General Motors has teamed up with Bechtel Enterprises to build thousands of electric vehicle charging stations across the US.
General Motors, America’s largest automaker, and Bechtel, the country’s largest construction company, are teaming up to build thousands of electric vehicle fast-charging stations across the United States. The two companies have agreed to create a new company that will build the charger network.
The companies have signed a memorandum of agreement to form a new corporate entity that will manage this new business. GM will be responsible for providing data and logistics support to determine where chargers should be placed, and Bechtel will manage the engineering, building and permitting of the stations. Neither GM nor Bechtel plans to contribute money to this new venture, rather they are seeking outside investment. Executives could not name the companies invited to participate.
But rather than adding to the electric highway, GM may be targeting cities and other densely populated areas that don’t offer electric vehicle owners a place to recharge. Many customers live in high-rises and sprawling apartment complexes that don’t always offer a place to recharge, and buyers may not always have the option of installing one themselves in their garage, which has been the strategy of most EV owners to date. But GM will have an edge on the planning phase of this operation in the form of anonymized data gathered from OnStar customers that have opted into the subsidiary’s data sharing program.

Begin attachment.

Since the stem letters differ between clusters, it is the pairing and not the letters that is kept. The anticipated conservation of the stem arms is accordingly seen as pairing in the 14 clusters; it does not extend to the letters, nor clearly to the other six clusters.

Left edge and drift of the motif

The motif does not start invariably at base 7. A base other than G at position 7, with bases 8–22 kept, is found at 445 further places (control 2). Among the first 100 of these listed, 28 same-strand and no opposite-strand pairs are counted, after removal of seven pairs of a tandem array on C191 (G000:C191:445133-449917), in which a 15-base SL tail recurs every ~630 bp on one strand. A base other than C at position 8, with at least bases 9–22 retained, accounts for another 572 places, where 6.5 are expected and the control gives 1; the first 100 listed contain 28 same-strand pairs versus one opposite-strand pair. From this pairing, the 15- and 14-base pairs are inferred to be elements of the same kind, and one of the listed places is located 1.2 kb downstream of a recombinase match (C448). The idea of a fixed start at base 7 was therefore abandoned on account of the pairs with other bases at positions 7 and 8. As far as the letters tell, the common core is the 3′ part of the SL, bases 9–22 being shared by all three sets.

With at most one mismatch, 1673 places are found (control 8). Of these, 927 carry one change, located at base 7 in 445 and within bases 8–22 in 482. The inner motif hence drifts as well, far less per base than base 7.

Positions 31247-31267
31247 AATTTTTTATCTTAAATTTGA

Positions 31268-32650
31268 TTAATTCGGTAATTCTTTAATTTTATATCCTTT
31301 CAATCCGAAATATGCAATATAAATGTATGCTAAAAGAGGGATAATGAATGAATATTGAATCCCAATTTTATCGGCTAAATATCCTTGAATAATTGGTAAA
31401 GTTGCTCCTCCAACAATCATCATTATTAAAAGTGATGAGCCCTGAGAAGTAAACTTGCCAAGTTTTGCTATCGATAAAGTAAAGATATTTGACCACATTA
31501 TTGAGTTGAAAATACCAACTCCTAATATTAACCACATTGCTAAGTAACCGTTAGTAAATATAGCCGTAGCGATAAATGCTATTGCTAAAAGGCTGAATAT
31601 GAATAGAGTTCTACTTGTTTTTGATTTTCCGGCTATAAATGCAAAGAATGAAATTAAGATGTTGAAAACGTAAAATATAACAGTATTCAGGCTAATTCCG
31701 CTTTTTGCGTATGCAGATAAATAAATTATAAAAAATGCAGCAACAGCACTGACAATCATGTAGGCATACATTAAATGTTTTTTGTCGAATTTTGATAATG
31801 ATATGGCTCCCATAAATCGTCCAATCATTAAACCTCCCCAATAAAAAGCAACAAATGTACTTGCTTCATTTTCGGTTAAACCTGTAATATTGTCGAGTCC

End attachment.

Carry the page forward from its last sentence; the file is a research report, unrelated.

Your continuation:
The enterprise will rely, in part, on data from General Motors cars, both electric and gasoline, to learn when and where people tend to drive and to park. The company will look at data from millions of vehicles through GM’s OnStar system.
All new GM vehicles are standard equipped with OnStar hardware that can track the vehicle’s locations, and some owners subscribe to the telematics service for emergency response support and navigation. This deep well of information will help the manufacturer understand the travel habits and patterns of its customer base to figure out where it would make the most sense to build its charging stations.